The US Supreme Court on Monday declined to hear a challenge by a group of authors who contended that Google's massive effort to scan millions of books for an online library violates copyright law. The Authors Guild and several individual writers had argued that the project, known as Google Books, illegally deprives them of revenue.
The high court disagreed, and instead left in place an October 2015 ruling by the 2nd U.S. Circuit Court of Appeals in New York in favor of Google. A unanimous three-judge appeals court panel said the case "tests the boundaries of fair use," but found Google's practices were ultimately allowed under the law.
The individual plaintiffs who filed the proposed class action against Google included former New York Yankees pitcher Jim Bouton, who wrote the acclaimed memoir "Ball Four." Several prominent writers, including novelist and poet Margaret Atwood and lyricist and composer Stephen Sondheim, signed on to a friend-of-the-court brief backing the Authors Guild.
The authors sued Google, whose parent company is Alphabet Inc, in 2005, a year after the project was launched. A lower court dismissed the litigation in 2013, prompting the authors' appeal. Google argued that the effort would actually boost book sales by making it easier for readers to find works, while introducing them to books they might not otherwise have seen.
The company made digital copies of more than 20 million books, according to court papers. Some publishers agreed to allow Google to copy their works, while others used the tools provided by Google to opt their books out of the program.
Google Books allows users to search the content of the books and displays excerpts that show the relevant search results. Google says in court papers the service "gives readers a dramatically new way to find books of interest" and lets people know where they can buy them. Users cannot read "any substantial portion of any book," Google said.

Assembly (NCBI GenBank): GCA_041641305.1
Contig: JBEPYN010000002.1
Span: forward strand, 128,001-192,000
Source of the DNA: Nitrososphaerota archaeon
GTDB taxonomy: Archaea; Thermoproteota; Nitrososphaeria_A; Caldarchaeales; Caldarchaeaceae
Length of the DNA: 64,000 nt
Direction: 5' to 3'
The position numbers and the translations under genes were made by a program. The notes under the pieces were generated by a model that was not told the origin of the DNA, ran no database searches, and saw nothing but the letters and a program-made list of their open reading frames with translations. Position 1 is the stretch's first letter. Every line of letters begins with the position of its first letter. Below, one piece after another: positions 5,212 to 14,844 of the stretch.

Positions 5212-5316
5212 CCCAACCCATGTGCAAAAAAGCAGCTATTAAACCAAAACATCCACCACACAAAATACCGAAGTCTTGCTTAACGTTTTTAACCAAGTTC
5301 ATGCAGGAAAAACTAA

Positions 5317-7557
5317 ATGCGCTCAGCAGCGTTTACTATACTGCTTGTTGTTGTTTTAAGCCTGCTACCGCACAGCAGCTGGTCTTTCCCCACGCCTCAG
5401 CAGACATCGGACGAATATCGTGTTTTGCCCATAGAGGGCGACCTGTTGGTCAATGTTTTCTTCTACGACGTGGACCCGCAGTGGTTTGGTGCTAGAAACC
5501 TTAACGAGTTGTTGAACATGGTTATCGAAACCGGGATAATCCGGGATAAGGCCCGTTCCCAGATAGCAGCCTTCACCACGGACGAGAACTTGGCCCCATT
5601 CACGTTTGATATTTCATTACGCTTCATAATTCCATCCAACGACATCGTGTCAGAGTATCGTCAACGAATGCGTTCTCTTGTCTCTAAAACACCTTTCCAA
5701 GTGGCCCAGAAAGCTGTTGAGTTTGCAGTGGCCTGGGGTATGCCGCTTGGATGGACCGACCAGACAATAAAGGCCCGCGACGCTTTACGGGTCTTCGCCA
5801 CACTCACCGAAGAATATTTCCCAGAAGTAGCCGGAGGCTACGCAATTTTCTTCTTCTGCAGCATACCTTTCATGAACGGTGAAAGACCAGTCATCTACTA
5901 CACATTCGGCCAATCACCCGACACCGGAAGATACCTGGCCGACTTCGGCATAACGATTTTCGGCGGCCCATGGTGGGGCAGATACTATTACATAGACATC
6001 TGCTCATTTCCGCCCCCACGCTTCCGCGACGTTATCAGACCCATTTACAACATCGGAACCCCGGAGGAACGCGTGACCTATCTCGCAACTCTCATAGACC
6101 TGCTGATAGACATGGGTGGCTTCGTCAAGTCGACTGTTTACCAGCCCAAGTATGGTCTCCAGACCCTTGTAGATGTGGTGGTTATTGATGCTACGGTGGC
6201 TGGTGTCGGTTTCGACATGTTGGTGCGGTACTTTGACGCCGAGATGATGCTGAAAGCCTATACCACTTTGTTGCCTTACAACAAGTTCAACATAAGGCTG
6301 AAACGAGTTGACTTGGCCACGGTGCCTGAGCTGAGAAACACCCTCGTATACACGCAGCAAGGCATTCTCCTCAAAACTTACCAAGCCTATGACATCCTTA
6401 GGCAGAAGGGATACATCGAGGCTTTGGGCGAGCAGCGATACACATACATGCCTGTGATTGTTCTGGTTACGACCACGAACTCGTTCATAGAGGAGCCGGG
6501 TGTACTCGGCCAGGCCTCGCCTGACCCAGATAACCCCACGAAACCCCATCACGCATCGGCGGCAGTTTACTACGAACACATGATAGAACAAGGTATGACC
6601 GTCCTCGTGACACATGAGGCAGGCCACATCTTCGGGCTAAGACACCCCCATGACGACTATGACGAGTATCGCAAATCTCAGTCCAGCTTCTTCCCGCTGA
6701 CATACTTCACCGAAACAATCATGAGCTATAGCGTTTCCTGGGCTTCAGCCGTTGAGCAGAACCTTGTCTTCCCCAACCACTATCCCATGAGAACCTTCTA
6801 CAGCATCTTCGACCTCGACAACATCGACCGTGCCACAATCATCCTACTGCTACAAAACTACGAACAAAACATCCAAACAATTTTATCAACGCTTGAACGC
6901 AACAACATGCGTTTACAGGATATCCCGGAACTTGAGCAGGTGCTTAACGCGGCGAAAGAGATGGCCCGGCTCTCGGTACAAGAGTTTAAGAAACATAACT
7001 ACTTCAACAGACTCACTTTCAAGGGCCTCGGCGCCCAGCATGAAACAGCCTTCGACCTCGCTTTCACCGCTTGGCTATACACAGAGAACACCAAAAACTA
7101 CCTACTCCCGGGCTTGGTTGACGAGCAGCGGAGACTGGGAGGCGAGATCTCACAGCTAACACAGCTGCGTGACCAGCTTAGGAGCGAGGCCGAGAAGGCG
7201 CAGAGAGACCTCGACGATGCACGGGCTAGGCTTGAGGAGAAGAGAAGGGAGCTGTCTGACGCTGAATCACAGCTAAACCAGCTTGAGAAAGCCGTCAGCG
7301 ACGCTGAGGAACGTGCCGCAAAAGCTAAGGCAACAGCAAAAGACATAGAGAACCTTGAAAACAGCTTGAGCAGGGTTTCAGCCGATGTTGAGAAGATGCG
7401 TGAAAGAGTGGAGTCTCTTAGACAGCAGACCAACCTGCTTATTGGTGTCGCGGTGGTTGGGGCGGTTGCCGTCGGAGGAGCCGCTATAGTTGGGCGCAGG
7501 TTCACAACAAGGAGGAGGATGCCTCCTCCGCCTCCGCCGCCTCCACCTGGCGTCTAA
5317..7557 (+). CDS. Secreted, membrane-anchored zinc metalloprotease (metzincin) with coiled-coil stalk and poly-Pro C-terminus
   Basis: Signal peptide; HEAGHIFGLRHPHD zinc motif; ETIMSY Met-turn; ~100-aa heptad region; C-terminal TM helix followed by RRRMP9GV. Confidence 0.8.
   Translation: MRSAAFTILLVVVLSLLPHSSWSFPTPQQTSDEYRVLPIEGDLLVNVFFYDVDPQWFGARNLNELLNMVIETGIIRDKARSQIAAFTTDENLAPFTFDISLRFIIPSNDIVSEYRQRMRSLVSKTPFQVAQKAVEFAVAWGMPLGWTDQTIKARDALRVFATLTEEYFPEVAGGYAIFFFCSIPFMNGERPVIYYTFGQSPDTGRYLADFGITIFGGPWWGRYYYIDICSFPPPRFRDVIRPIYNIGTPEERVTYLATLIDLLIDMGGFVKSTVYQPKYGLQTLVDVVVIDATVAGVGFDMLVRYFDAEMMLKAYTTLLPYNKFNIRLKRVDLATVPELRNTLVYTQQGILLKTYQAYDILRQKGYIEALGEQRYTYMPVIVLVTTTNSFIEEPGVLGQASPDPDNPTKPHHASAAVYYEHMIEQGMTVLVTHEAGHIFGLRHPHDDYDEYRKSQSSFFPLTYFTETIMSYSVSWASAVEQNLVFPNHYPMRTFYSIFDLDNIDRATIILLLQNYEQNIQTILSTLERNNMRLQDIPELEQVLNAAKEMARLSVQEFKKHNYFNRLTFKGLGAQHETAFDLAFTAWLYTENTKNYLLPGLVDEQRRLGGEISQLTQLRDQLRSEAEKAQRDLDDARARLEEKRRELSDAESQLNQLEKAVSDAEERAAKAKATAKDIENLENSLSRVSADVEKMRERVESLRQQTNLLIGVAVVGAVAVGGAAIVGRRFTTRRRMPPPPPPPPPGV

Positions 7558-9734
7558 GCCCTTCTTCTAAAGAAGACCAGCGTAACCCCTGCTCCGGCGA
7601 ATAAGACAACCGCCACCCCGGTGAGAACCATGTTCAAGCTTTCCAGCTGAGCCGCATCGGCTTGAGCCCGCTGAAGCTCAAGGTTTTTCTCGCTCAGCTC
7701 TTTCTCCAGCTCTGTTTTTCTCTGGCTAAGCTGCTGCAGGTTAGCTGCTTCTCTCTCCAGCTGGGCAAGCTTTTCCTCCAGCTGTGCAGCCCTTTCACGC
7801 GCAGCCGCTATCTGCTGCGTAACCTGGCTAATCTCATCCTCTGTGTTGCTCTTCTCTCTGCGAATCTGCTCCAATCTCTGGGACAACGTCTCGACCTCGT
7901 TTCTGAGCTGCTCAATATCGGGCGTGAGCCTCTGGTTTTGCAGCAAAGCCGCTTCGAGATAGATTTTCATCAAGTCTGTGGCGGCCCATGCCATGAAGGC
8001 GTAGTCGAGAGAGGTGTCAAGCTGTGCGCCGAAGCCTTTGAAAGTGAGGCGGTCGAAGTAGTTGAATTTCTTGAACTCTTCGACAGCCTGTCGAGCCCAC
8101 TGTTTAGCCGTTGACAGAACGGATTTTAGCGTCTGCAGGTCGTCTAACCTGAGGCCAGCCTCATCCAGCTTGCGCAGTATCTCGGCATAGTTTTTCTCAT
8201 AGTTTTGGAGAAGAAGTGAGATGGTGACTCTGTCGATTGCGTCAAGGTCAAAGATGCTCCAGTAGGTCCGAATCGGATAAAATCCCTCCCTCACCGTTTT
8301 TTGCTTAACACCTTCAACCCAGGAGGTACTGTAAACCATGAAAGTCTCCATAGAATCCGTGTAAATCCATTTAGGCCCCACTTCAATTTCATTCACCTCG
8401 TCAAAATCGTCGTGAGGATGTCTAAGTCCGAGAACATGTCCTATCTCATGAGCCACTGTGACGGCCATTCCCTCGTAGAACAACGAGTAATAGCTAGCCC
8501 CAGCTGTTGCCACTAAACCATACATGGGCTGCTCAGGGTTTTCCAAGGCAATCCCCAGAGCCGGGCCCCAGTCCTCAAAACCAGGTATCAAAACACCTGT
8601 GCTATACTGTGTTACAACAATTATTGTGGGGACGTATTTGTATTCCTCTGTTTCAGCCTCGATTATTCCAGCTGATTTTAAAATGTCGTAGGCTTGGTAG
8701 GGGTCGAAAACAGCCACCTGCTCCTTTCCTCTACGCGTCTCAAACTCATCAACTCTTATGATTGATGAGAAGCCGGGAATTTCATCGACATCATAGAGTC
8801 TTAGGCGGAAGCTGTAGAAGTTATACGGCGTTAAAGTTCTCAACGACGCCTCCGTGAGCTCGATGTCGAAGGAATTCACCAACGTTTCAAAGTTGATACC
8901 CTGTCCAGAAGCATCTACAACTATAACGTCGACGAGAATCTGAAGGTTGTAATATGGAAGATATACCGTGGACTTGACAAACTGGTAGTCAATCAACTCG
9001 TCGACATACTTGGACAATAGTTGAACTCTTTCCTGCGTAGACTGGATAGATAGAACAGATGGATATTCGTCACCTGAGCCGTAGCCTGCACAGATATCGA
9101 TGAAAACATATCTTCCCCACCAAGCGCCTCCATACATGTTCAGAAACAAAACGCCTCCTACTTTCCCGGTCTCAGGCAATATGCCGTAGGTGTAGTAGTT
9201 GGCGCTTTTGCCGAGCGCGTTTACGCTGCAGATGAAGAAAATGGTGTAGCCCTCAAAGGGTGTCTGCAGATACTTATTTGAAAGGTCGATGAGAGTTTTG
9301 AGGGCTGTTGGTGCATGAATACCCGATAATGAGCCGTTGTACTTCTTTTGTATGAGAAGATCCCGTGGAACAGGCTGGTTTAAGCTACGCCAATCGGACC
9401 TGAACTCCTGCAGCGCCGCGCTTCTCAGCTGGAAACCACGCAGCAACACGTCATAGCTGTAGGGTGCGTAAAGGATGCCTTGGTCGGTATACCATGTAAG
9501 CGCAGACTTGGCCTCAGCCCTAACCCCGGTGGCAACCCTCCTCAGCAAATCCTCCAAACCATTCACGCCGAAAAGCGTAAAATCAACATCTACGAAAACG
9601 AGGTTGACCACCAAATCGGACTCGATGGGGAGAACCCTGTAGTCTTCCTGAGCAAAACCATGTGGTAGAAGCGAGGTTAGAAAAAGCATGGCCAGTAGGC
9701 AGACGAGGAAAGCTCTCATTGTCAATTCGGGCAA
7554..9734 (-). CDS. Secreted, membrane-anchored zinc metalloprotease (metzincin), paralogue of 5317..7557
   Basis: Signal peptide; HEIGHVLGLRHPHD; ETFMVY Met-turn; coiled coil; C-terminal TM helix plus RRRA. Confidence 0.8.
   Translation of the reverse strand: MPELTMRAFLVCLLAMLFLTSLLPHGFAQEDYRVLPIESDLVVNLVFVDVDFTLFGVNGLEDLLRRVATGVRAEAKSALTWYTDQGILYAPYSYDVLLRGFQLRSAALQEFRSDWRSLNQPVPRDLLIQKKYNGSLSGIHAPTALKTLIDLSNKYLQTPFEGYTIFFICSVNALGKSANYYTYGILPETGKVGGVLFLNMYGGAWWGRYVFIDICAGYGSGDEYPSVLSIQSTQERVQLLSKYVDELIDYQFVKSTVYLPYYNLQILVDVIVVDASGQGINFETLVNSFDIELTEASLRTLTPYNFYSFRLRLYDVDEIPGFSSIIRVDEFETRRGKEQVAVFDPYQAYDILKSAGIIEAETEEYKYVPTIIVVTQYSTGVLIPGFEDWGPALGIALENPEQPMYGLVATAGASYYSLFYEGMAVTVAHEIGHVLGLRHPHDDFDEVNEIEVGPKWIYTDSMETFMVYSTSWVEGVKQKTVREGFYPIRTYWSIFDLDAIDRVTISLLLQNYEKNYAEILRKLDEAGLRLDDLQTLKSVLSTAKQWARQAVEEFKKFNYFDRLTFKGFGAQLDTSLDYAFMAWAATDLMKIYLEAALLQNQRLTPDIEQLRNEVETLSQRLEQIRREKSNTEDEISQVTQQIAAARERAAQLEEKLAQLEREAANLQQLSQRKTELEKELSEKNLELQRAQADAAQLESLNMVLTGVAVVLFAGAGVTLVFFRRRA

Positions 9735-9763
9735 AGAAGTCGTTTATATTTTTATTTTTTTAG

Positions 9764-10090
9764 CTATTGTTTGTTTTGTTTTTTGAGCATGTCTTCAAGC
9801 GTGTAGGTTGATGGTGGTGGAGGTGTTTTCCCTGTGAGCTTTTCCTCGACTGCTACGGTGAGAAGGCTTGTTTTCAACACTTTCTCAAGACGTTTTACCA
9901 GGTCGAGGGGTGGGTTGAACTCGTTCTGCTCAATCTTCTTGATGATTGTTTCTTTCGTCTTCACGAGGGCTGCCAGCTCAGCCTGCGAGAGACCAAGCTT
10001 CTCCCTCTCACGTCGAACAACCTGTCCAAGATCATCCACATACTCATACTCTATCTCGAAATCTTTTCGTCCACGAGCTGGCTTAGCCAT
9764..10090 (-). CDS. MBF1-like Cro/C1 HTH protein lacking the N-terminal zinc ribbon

Google had said it could have faced billions of dollars in potential damages if the authors had prevailed.
This is great news for copyright law, and for readers everywhere.
For one thing, the public would have lost out in a The Authors Guild victory. Google has shown that they will not pay this type of fee, and so they would remove books from their servers rather than license them. No one would gain from that, not authors, the public, or researchers.
But more importantly, this is great news for copyright law. The US Supreme Court has effectively declared that books are not special snowflakes; the same rules apply to books as apply to websites and other types of online content.
In spite of what The Authors Guild might have wished, that was the logical conclusion.